Croup is caused by a viral infection in children 6 months to 5 years, sometimes older. Indications include cold symptoms, hoarse voice, harsh barking cough, high-pitched sound on inhale (stridor), skin between the ribs or under the neck pulling on inhale in extreme cases.

1. Keep patient calm and reassured to ease breathing

2. If fever is present, isolate patient and seek medical advice.

3. Remain with patient until breathing normally

4. Call Triple Zero (000) for an ambulance if patient is:

  • struggling to breathe
  • pale and drowsy
  • drooling or can't swallow
  • blue in the lips

Frequently Asked Questions 

Is croup infectious? While croup is not infectious, the virus that causes it can easily spread to other children through exposure to coughing and sneezing. The patient should be kept at home whilst unwell, and proper hand hygiene (washing and sanitising) should be observed by patient and carers.

How is croup treated? No medical treatment is necessary for mild croup, or the virus that causes it. It's important to keep the patient calm, as distress makes symptoms worse. Fever can be treated with paracetamol or ibuprofen. If mild croup lasts more than 4 days, the patient should be seen by a medical professional, who may prescribe steroids and possibly monitoring in hospital.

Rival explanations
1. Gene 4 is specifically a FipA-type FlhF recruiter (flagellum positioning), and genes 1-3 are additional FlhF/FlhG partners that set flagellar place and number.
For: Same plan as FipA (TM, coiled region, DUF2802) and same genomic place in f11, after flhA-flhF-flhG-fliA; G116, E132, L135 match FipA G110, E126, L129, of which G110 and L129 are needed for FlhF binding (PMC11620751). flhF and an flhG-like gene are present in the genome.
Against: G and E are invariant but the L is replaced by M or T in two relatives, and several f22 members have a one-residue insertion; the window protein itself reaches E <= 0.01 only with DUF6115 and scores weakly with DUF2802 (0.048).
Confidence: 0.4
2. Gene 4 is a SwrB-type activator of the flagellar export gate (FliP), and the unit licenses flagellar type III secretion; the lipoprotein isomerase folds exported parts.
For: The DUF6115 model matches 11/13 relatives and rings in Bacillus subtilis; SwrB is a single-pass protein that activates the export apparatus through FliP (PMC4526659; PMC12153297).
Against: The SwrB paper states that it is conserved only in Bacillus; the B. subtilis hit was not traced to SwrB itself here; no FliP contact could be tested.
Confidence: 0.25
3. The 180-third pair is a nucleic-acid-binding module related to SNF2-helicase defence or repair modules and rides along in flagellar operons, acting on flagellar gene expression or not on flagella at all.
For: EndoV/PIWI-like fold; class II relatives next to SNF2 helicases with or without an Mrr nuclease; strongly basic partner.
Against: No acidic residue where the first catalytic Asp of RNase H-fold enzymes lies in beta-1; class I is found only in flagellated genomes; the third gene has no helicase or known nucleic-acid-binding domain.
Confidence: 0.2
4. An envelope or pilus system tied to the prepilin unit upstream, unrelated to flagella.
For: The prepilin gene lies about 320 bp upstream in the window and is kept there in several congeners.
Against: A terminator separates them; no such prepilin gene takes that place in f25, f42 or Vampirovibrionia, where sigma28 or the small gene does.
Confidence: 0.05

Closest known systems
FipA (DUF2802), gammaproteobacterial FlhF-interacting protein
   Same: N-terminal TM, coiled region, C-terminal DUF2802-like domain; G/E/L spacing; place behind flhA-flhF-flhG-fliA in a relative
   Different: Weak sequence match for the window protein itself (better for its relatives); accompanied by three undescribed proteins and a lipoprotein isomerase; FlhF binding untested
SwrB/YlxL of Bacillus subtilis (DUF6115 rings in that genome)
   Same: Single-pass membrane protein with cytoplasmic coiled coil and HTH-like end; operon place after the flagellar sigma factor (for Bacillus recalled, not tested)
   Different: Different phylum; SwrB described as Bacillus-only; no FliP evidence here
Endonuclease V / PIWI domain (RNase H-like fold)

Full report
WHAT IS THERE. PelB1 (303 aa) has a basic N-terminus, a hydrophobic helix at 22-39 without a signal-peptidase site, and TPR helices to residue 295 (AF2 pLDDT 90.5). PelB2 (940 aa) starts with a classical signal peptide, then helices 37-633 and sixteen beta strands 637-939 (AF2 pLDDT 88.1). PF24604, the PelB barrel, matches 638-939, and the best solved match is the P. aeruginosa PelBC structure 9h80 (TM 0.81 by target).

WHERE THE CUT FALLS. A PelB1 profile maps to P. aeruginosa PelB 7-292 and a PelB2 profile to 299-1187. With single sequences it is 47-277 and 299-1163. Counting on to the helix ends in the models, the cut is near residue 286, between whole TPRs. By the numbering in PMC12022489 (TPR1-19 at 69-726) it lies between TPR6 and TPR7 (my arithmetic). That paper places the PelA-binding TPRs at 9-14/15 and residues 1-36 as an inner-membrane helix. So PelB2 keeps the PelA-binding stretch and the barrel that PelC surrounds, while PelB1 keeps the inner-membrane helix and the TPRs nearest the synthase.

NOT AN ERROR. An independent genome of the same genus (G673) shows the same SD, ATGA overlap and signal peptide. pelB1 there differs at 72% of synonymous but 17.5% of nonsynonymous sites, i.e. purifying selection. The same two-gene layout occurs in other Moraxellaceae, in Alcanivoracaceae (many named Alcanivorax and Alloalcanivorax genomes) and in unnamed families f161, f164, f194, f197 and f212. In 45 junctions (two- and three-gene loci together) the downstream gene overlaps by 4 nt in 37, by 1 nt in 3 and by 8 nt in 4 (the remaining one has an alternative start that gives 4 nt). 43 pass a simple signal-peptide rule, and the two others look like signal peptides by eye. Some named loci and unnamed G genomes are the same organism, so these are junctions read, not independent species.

When is croup considered "severe"? In addition to the (above) reasons for calling an ambulance, see a doctor if:

  • the patient is under 6 months old
  • their breastbone or skin between the ribs sucks in on inhalation
  • the patient has stridor (high pitched squeaking on inhalation) when resting
  • the patient is very distressed or symptoms are worsening

Should I put the patient in a steam-filled room? There is no evidence to suggest that steamers, humidifiers or time spent in a steamy bathroom helps relieve croup.